Many physicians we work with face the tough decision of whether to keep their practices independent or join a larger organization. Oftentimes, physicians and practice managers believe they must consider such a move to “gain a larger footprint” for negotiations with payers. The advantages of larger groups in payer contract negotiations versus small and solo practices are generally accepted. But should we assume larger groups automatically have an edge?
Negotiating power can come from different factors. The most basic is having something the other side wants (or, ideally, needs). But it can also come from not wanting what the other side offers too much (i.e., being able to walk away). It can come from having something to offer that is better than alternatives. It can also come from the ability to be flexible.
Bigger groups may give payers a convenient way to negotiate rates for a larger geographic area in one deal — a plus the payer will appreciate. The group may be empowered to push for a higher rate for all providers in it — and it might work. And the payer may feel it must deal with this large group, without the option to walk away, because it needs the coverage it provides. But the group will also likely be less willing to walk away in the face of a deal it perceives to be poor, because the negotiators have to represent the interests of everyone. The fact that neither side can easily walk away takes away some of the leverage that more size might otherwise provide.
On the other hand, if a smaller practice has special qualities that a payer might value — say, specialty coverage in an under-served area, or newer services that are rare in their market — the payer might be willing to pay more, at least for certain codes, for that small practice. But that could be less likely if that small team is part of a larger group negotiating rates across multiple markets.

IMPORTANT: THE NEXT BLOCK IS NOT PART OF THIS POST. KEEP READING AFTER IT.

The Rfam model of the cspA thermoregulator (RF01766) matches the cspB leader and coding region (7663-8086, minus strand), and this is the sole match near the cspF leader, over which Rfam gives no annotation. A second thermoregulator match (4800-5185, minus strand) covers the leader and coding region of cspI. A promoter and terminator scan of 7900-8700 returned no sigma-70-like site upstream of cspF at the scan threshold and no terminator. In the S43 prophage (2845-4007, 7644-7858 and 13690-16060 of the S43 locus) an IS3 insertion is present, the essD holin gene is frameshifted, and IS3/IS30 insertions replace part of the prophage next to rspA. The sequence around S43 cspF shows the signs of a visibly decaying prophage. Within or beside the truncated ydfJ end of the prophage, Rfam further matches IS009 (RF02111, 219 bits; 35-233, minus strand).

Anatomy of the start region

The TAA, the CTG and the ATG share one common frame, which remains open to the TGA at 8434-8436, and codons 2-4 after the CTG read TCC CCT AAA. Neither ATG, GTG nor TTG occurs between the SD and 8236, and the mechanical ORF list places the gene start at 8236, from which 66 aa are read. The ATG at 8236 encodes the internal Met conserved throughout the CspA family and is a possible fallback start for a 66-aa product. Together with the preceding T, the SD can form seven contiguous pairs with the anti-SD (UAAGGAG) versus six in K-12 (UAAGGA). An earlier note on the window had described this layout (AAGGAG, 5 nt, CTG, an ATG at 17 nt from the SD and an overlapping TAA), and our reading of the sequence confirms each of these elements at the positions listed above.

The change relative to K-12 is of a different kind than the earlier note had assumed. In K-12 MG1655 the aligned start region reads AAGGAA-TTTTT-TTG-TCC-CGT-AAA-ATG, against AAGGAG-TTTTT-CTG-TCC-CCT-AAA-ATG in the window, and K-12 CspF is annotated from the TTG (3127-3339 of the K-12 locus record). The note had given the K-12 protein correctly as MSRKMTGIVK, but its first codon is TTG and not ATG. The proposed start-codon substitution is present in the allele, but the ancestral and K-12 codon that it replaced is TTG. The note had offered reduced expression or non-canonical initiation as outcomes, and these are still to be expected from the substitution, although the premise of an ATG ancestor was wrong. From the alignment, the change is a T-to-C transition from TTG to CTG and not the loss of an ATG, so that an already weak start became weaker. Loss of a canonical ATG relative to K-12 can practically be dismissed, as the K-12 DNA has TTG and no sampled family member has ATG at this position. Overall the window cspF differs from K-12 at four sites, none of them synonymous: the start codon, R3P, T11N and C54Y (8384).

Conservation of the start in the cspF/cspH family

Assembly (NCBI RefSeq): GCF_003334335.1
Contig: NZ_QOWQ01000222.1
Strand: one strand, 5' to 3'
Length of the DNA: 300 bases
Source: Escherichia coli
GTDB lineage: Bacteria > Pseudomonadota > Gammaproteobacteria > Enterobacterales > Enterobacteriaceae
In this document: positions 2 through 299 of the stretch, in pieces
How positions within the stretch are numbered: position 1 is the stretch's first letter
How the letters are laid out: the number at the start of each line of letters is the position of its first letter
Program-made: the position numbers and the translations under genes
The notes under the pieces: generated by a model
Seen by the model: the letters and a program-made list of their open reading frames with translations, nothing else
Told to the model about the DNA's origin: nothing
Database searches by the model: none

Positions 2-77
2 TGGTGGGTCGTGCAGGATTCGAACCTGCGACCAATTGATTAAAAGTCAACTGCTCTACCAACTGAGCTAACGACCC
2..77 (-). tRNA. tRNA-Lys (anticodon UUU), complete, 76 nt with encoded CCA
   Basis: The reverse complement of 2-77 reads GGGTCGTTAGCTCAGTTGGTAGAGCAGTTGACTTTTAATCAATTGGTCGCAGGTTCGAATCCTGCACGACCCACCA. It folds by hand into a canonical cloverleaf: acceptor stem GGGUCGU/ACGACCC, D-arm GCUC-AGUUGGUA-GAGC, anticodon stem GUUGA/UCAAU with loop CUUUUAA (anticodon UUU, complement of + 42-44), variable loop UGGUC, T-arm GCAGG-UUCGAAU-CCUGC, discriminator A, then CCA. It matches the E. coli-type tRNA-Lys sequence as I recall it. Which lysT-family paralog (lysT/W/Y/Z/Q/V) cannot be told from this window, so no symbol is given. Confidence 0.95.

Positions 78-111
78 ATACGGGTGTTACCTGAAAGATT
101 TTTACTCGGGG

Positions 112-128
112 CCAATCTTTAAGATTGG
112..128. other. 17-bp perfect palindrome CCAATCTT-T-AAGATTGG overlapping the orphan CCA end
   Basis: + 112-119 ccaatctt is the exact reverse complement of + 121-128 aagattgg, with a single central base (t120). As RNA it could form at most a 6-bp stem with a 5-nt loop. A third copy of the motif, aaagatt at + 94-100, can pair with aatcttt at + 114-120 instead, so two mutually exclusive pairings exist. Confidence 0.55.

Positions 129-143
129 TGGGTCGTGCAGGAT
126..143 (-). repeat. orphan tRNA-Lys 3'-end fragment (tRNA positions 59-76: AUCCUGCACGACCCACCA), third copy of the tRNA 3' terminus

Similarly, if a small group of physicians scores well on a health plan’s internal quality measures, or if patients rate them very highly, these facts can stand out in the practice’s favor in negotiating — but these advantages can get averaged out when the physicians are part of a larger group.
And, of course, if a small group is dissatisfied with a particular payer, it could be a whole lot easier to walk away as a unit than it would be for a large group — meaning more leverage.
Larger organizations may be more confident and knowledgeable about negotiating — especially if their larger size allows them to hire more experienced businesspeople to do the negotiating. But a bigger organization can be challenged to be nimble while representing all its members, probably can’t walk away from a mediocre deal, and may find it can’t take advantages of qualities that would allow individual physicians to stand out if they weren’t part of a larger mix. Smaller groups often have negotiating advantages that they just don’t perceive — the key is to determine if you have them, what they are, and how to use them before assuming your only strength will come from numbers.
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